A new study published in the journal Science Translational Medicine and discussed in the journal Science this week illustrates the importance of a normal microbiome and what changes in your microbiota may mean for long term health.
To look find associations between microbiota and disease, scientist have been looking at the entire microbiome. They do this using something called high-throughput genetic sequencing of the 16S ribosomal DNA sequence. The researchers who published this study were from the University of British Columbia in Vancouver, and investigated the microbiome of 319 babies at both the 3 month and at the 1 year mark. They then tracked the health of these babies over 5 years (where they looked at overall health at the 1 year/3 year/5 year time points).
Researchers found a significant difference in 4 key populations of bacteria. Children who were low or missing these four types of bacteria had a much higher chance to go on to develop asthma as they aged. The key missing bacteria were from the genera Lachnospira, Veillonella, Faecalibacterium, and Rothia.
First of all let me stress: These are NOT bacteria that come from eating yogurt or taking probiotics. These are specific bacteria found in the normal guts of newborn infants and were only found using this new method of sequencing ALL the bacteria found in the gut. It is important to note that only these new techniques allow us to see and compare all the bacteria in the gut (it is be very hard to culture or identify even a fraction of the normal microbiome using the old standard techniques for bacterial identification).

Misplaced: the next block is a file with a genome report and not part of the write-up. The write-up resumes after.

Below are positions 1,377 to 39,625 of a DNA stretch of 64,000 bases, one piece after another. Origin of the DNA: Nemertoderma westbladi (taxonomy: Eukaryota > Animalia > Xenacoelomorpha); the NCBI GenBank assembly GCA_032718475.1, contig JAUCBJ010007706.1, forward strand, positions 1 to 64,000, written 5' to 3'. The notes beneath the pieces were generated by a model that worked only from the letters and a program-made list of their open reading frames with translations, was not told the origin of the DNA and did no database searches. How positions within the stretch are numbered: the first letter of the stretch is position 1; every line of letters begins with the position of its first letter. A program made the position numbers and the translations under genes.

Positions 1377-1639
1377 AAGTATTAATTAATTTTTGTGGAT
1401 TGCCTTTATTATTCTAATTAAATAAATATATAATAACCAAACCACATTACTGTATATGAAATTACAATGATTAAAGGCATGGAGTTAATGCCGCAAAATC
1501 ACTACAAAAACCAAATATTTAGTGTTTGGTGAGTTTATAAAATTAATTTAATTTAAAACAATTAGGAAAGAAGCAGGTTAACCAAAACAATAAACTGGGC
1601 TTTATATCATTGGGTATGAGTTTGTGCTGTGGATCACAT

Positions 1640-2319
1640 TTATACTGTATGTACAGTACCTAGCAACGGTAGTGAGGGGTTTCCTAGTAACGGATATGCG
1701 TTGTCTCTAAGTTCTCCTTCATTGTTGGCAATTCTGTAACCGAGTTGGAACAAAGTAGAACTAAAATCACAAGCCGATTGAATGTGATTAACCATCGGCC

But to prove it was the loss of these missing organisms that were CAUSING the problem, mice grown in a germ free environment were given microbiota from babies in the study lacking these four kinds of bacteria. The mice given this type of flora developed inflamed lungs similar to what is seen in asthma.
When they reconstituted the mice with microbiota containing high levels of the four key genera of bacteria, mice were no longer at risk for developing asthma!!!
The scientists in the study were also looking for commonalities in the babies that were missing the important microflora. Were they delivered by C section? Were they given more antibiotics? Were they breast-fed or given formula? Did they live in the city or on a farm. This study indicated that the only factor that seemed to predict the loss of these important four types of bacteria was early exposure to antibiotics.
They are going to continue look to determine if the identification of missing specific organisms in the microbiota of newborns could be an early detection system for allergy and asthma in the future. Also, they are looking to determine if reconstitution of the missing bacteria could be protective!
Stay tuned for more!!!